With the end of the year fast approaching, now is the time to take a closer look at tax planning strategies that could reduce your tax bill for 2021.
General tax planning strategies for individuals include accelerating or deferring income and deductions, as well as careful consideration of timing-related tax planning strategies with regard to investments, charitable gifts, and retirement planning.
Individuals with significant assets should take advantage of proven tax strategies such as gifting and direct payments to educational institutions to transfer wealth to heirs tax-free, as well as minimize estate taxes. Additional opportunities are available as well, thanks to low interest rates and a volatile stock market.
Sometimes, taxpayers need to call the IRS about a tax matter. If this is the case, they should know that IRS phone assistors take great care to only discuss personal information with the taxpayer or someone the taxpayer authorizes to speak on their behalf. As such, the IRS will ask taxpayers and tax professionals to verify their identity when they call.
Starting your own business is an exciting prospect, but there is more to it than simply writing a business plan. Understanding the tax responsibilities of starting a business venture can save taxpayers money and help set them up for success. That’s where a tax professional can help. Here is what you need to know before you start a new business:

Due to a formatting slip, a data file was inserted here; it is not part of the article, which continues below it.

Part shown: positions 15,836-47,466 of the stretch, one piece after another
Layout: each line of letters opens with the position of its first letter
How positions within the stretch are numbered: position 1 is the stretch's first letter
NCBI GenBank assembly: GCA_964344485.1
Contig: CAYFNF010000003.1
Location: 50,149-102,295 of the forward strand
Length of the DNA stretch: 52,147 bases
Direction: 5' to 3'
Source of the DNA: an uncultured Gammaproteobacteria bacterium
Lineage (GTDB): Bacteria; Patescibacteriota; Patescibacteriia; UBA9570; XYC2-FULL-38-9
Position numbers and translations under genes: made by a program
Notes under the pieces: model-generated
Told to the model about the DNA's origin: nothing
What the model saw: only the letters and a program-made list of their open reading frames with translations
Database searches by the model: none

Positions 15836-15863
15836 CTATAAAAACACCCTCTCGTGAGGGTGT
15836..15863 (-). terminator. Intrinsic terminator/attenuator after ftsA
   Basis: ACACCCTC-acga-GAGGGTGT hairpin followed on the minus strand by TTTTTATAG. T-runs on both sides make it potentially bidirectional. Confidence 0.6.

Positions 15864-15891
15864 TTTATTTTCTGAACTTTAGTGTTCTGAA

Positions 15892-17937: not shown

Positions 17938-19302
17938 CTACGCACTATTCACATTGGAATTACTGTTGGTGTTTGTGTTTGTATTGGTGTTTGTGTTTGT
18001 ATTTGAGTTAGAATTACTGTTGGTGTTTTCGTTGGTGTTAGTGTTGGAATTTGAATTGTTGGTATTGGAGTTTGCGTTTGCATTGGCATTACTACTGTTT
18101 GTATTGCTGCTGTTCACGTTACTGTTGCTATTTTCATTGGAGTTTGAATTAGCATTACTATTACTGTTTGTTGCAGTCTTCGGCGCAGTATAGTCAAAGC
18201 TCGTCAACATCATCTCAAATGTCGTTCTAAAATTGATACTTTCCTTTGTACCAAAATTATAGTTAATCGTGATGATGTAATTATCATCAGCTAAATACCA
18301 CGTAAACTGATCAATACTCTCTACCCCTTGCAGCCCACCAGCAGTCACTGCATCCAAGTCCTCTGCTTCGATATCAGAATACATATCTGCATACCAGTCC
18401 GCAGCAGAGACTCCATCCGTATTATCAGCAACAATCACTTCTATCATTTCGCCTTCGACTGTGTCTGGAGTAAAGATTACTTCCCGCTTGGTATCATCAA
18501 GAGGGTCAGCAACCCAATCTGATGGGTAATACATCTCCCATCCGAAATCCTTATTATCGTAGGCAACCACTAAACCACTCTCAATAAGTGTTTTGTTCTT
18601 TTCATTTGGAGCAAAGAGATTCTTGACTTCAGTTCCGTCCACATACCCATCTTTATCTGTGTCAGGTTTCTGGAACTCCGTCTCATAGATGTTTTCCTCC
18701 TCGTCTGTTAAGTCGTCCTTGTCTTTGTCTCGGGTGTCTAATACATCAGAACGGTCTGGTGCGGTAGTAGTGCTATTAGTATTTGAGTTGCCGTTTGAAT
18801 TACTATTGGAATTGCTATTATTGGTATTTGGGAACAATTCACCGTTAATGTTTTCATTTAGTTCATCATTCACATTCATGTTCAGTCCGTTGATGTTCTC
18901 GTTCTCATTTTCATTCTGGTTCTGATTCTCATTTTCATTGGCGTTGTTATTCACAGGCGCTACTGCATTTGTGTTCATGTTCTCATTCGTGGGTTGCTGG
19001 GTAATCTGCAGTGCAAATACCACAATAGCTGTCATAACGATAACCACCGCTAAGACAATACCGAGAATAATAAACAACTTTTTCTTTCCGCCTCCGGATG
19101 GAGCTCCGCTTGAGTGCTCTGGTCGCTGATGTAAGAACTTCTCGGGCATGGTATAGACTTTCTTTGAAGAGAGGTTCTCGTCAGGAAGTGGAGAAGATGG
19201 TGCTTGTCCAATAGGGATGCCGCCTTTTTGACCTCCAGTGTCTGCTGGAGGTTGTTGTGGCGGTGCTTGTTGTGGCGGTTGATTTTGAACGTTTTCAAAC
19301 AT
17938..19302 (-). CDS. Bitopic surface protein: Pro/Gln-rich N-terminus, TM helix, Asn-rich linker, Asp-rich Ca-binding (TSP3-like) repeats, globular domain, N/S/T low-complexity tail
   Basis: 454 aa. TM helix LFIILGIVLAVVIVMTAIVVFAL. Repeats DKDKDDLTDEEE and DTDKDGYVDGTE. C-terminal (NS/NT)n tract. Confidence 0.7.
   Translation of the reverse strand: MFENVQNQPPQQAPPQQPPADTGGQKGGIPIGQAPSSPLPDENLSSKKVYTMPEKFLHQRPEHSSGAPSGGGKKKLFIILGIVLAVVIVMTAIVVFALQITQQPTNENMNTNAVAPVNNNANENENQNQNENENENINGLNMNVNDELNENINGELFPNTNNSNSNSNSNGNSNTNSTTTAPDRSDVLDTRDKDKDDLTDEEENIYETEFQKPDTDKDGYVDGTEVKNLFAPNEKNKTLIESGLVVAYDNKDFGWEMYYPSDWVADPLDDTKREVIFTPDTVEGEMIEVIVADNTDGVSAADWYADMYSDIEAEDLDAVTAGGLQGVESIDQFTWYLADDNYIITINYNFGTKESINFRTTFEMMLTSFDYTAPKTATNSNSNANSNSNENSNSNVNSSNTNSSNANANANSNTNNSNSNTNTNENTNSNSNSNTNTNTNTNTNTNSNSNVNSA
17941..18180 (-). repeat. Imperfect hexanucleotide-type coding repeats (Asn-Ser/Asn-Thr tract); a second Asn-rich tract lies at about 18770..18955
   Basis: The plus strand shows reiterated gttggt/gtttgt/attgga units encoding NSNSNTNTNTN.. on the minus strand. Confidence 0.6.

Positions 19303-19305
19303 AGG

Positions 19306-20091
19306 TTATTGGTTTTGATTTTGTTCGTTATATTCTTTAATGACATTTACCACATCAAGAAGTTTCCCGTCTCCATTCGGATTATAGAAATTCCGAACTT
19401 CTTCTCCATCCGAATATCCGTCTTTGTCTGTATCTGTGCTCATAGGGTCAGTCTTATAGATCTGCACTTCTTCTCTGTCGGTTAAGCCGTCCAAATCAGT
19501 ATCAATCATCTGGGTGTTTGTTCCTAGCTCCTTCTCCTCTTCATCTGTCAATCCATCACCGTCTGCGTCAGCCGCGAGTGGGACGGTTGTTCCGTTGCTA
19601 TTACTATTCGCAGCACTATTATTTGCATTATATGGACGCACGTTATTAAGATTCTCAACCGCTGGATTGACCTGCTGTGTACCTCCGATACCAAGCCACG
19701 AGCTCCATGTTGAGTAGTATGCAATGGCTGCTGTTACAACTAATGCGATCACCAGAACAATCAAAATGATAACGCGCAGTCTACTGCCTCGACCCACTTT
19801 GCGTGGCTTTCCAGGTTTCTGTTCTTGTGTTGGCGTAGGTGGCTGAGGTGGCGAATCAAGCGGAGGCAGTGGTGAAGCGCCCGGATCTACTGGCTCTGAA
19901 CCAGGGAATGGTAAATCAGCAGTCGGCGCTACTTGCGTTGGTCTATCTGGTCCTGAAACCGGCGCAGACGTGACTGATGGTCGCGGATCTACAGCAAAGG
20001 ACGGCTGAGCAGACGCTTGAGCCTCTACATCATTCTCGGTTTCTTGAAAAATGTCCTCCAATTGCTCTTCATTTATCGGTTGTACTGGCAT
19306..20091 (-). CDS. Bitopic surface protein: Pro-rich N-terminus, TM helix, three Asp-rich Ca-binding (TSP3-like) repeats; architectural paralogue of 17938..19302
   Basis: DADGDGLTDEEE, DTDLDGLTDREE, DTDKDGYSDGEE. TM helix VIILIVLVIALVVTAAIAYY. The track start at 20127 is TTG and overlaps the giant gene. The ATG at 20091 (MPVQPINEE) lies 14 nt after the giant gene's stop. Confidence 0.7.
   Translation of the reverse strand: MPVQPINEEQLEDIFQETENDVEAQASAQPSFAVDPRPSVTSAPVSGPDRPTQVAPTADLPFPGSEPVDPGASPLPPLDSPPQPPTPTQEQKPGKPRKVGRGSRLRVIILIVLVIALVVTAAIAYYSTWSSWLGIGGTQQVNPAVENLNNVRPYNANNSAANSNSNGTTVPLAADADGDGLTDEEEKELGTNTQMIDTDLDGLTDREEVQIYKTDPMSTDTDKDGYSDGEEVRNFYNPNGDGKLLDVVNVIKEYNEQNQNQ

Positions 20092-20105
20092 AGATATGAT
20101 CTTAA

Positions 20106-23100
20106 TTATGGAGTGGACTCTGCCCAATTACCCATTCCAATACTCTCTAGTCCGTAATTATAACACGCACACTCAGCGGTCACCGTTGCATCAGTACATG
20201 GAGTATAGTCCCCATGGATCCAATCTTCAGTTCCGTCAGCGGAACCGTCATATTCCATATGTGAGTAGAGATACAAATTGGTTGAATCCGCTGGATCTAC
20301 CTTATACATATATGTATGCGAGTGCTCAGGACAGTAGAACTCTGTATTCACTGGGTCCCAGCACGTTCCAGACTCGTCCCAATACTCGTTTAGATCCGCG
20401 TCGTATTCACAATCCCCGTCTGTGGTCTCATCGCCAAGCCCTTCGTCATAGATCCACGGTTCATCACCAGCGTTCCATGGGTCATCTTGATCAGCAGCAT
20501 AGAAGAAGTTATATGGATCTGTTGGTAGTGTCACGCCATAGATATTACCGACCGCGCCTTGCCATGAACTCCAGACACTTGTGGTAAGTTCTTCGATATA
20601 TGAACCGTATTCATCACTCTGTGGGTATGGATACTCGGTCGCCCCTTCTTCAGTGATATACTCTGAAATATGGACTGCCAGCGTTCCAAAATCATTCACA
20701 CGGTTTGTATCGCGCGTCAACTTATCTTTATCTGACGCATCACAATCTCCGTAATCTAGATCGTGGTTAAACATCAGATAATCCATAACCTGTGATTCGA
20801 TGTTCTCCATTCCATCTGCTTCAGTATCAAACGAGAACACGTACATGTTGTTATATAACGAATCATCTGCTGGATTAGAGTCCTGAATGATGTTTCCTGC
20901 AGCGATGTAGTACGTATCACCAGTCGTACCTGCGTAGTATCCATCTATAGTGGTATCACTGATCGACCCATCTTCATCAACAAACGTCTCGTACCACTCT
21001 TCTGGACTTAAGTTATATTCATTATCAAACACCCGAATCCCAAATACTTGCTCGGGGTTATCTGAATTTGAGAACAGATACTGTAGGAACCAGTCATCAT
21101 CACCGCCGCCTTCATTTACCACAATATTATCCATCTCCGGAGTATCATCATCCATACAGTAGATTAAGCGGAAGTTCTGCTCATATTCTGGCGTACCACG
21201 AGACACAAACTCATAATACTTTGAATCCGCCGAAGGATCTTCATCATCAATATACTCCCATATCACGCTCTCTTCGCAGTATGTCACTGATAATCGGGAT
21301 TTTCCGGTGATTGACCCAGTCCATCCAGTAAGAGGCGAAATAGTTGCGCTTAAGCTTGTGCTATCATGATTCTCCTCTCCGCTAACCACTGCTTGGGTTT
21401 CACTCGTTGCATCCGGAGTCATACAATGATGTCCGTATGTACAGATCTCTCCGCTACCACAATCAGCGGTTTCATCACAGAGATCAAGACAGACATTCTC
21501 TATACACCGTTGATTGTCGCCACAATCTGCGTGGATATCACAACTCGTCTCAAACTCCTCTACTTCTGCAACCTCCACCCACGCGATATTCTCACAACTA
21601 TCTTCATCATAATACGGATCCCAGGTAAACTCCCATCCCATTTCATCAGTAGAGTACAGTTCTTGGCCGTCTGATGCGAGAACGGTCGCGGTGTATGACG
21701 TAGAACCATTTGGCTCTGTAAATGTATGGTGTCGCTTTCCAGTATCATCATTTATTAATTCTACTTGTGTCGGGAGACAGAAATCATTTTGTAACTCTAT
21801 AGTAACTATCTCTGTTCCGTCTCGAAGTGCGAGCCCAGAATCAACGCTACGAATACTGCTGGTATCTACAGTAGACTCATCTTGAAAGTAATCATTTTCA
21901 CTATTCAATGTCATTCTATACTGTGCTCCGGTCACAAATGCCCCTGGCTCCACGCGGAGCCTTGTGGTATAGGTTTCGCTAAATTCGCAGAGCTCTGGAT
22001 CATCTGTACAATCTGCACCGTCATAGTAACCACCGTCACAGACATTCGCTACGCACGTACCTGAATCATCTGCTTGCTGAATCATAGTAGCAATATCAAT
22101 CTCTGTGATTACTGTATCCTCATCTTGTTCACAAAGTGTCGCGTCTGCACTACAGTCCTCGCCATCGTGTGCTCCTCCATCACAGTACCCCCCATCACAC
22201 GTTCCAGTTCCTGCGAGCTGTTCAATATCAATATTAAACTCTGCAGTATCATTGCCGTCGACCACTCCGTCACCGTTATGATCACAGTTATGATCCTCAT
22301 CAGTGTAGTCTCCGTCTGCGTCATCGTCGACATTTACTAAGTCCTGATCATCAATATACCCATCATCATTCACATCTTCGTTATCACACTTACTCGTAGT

According to the U.S. Small Business Administration, small businesses employ half of all private-sector employees in the United States. However, a majority of small businesses do not offer their workers retirement savings benefits.
If you’re like many other small business owners in the United States, you may be considering the various retirement plan options available for your company.
Thanks to the advance payments of the Child Tax Credit, approximately 60 million children received $15 billion in July, according to the Department of Treasury and the IRS. While many of these families will benefit from the extra money deposited into their bank accounts, some families may want to opt-out and instead take the credit when they file their tax return next spring.
The Internal Revenue Service has started sending letters to more than 36 million American families who, based on tax returns filed with the agency, may be eligible to receive monthly Child Tax Credit payments starting July 15, 2021. Here’s what families need to know: Continue reading →